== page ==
Dextrocardia (from Latin dexter, meaning “right,” and Greek
Dextrocardia of embryonic arrest
In this form of dextrocardia, the heart is simply placed further right in the thorax than is normal. It is commonly associated with severe defects of the heart and related abnormalities including pulmonary hypoplasia.
Dextrocardia with situs
Kartagener syndrome may also be present in patients with dextrocardia but this must be in the setting of situs
Medical diagnosis of the two forms of congenital dextrocardia can be made by ECG or imaging.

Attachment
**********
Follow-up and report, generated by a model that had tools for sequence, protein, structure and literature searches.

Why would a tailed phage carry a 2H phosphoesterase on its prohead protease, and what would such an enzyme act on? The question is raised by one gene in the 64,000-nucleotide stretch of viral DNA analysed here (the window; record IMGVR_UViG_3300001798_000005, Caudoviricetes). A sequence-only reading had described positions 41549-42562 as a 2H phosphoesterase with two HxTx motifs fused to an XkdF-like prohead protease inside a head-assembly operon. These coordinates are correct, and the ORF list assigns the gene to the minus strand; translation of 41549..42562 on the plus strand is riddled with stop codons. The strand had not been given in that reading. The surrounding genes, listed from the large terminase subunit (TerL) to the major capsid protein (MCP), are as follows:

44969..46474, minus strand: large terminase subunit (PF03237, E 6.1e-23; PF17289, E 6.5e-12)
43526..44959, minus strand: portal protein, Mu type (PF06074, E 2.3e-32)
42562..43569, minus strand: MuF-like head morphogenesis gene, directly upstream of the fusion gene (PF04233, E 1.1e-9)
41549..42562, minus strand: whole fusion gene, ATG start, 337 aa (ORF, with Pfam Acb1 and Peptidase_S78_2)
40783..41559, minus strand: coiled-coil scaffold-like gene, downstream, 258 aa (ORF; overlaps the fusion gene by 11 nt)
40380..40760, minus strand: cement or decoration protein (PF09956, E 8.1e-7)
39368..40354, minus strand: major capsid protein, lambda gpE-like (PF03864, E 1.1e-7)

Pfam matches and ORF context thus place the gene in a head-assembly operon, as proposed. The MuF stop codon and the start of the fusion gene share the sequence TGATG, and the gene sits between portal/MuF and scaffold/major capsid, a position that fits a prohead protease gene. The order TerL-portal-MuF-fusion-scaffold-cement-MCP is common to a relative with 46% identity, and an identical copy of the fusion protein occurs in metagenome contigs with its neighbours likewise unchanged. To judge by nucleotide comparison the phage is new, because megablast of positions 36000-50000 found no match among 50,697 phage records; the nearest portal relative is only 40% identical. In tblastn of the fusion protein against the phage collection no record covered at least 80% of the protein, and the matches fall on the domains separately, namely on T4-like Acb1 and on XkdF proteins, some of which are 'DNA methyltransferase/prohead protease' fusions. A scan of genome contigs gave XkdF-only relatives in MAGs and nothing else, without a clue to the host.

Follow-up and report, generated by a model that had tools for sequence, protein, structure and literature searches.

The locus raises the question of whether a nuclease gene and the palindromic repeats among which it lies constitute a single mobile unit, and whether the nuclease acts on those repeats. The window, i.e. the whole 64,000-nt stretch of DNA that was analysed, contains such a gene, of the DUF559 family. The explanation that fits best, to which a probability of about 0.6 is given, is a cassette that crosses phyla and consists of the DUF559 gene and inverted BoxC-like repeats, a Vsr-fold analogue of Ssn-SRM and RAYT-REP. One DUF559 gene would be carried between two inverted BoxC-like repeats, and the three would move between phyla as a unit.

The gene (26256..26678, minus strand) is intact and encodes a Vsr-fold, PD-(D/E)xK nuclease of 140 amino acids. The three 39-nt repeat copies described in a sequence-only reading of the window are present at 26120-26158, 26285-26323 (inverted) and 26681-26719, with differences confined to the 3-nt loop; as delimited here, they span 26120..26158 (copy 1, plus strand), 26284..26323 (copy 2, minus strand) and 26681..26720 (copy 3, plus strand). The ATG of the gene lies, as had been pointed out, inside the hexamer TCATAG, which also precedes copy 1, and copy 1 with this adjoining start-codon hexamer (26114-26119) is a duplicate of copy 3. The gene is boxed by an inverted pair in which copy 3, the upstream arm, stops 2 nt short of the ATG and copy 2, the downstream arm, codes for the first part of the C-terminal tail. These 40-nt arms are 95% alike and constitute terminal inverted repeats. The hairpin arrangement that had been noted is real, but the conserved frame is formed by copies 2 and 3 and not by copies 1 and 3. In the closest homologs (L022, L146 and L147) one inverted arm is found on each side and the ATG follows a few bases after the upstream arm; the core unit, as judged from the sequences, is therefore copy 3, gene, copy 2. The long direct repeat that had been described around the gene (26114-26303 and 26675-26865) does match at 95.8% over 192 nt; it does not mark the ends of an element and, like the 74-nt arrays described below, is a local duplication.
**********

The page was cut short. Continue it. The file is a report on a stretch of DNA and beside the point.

Technical dextrocardia refers to an ECG reading that has no basis in the patient’s anatomy. This apparent presentation is typically caused by the accidental lead placement of the left and right arm electrodes.
ECG leads must be placed in reversed positions on a person with dextrocardia. In addition, when defibrillating someone with dextrocardia, the pads should be placed in reverse positions. That is, instead of upper right and lower left, pads should be placed upper left and lower right.
When heart transplantation is required in a person with situs
Dextrocardia is believed to occur in approximately 1 in 12,019 pregnancies.
A Japanese study of 1,753 fetal cardiac echocardiograms over five years only revealed two cases.